Why uncontrolled high blood pressure is especially risky right now

High blood pressure, or hypertension, is not a great diagnosis. Having this condition is associated with heart failure, stroke, and kidney damage, as well as a certain type of dementia (per Mayo Clinic). The good news: with lifestyle changes — a healthier, lower sodium diet, and exercise — as well as medication, you can control high blood pressure, so you're less likely to face these outcomes. The bad news: we're doing a worse job now at controlling hypertension than we have in years, according to findings presented at an American Heart Association virtual conference, which found an 11 percent decrease in the number of Americans who've managed their hypertension during the years of 2017 to 2018, compared to 2013 to 2014. Nearly half of all adult Americans have high blood pressure, according to the Centers for Disease Control and Prevention.

Considering that we're now in a pandemic, this is especially troubling. That's because people with uncontrolled hypertension are at risk for bad outcomes if they become infected with coronavirus. "Uncontrolled hypertension is more likely to be associated with long term damage to the heart and kidneys, which do make you more likely to be more sick if you are COVID positive," Craig Smith, M.D., interventional cardiologist and medical director of the Cardiac Intensive Care Unit at UMASS Memorial Medical Center, told ABC News.

Coronavirus negatively affects those with uncontrolled hypertenion

Most people associate coronavirus with having trouble breathing, but in fact, this infection can also damage the heart directly — and if you have high blood pressure, your heart already is weakened because damage to the arteries makes it harder to pump blood into this critical muscle. If you have plaque in your arteries, it's also possible the virus could make that plaque break apart, which may cause a heart attack (via WebMD).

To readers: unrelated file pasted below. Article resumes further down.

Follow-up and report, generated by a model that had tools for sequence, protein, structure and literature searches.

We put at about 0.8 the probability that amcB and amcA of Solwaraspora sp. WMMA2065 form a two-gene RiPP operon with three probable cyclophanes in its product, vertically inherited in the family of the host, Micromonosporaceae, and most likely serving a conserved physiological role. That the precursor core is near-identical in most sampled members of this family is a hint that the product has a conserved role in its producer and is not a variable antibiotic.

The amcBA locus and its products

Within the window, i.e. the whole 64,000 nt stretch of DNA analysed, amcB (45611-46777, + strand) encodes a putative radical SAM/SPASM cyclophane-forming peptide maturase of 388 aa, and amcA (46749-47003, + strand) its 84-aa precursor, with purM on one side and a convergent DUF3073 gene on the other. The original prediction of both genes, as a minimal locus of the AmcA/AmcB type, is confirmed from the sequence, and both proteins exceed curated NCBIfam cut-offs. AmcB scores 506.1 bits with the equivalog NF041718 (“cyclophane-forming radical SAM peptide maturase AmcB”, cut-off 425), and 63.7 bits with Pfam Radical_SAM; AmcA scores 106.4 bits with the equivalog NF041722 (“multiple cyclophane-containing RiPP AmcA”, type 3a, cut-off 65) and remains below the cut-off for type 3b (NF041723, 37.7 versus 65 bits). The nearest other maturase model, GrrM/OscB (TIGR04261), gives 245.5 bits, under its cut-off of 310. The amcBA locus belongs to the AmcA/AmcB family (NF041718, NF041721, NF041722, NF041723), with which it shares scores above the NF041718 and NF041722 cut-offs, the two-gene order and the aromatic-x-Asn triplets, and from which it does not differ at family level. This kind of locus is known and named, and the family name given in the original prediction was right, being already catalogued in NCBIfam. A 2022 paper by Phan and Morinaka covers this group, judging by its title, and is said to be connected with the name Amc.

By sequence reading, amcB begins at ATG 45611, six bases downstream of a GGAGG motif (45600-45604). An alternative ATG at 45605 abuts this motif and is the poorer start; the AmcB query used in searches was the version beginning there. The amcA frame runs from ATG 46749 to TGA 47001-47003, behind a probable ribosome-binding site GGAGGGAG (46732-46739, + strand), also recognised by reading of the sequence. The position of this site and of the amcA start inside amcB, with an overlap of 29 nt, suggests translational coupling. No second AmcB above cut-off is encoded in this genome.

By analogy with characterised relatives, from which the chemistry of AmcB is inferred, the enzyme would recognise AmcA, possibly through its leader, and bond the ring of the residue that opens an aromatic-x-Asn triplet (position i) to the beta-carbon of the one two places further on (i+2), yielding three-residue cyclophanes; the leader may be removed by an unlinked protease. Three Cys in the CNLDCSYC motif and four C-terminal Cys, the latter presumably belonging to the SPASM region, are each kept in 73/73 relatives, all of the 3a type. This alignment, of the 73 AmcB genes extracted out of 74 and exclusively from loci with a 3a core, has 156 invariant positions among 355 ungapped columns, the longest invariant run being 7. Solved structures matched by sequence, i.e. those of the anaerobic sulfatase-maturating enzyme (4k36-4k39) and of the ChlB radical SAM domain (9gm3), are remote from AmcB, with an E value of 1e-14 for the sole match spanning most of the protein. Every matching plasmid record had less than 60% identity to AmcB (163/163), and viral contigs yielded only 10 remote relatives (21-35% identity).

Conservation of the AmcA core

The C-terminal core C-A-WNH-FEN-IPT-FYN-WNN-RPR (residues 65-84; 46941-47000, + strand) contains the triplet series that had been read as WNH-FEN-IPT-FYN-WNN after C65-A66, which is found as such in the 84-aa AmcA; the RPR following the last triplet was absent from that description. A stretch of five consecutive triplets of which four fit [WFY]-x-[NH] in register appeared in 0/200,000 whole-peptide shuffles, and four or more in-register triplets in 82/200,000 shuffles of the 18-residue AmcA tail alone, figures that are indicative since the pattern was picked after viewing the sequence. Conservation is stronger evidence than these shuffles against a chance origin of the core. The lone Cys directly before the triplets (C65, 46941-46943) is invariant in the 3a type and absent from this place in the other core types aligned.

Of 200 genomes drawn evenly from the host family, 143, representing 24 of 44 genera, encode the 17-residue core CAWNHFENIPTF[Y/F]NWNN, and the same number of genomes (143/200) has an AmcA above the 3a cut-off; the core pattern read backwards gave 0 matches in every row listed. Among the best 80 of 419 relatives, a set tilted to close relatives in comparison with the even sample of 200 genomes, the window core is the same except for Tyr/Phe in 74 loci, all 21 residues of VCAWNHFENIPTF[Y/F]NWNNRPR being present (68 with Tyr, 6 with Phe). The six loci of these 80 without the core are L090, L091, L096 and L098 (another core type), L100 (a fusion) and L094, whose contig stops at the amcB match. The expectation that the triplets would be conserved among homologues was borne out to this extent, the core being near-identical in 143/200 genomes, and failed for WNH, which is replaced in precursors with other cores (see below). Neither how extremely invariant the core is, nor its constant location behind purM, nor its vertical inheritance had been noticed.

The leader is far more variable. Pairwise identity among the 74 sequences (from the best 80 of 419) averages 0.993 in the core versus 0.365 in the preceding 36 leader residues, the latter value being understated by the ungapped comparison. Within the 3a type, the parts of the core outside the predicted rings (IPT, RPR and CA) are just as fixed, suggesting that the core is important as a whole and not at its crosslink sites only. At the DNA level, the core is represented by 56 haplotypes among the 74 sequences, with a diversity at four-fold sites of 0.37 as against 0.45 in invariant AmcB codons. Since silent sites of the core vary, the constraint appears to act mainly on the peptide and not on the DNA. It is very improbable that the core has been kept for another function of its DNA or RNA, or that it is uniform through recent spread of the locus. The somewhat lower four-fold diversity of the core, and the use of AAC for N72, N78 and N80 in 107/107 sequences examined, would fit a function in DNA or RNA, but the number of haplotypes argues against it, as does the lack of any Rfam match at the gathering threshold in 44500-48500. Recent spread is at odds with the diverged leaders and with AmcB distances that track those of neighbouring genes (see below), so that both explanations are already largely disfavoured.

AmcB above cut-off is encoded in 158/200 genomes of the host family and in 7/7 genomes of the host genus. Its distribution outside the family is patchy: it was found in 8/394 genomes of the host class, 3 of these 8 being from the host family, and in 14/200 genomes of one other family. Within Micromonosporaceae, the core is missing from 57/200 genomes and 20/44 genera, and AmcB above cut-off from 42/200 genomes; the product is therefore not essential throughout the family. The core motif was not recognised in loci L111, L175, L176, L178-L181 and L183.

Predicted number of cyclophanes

It's also possible that coronavirus itself causes an existing case of high blood pressure to become worse, although that link isn't completely established yet. "What was found is COVID infects the cells that help regulate blood pressure, suggesting a possible link between hypertension and severe COVID infection," cardiologist Dr. Steven Rough explained to Sharp Chula Vista Medical Center. "More studies are needed to determine if there is, in fact, a cause and effect."

If you've been avoiding going to the doctor, now is the time to get a checkup and make sure your blood pressure is normal. "Individuals with high blood pressure need to be aware of their condition, so they can take steps to control it," the lead author of the American Heart Association study, Dr. Brent M. Egan, told Healthline. "For many individuals, management includes both a healthy lifestyle and medications."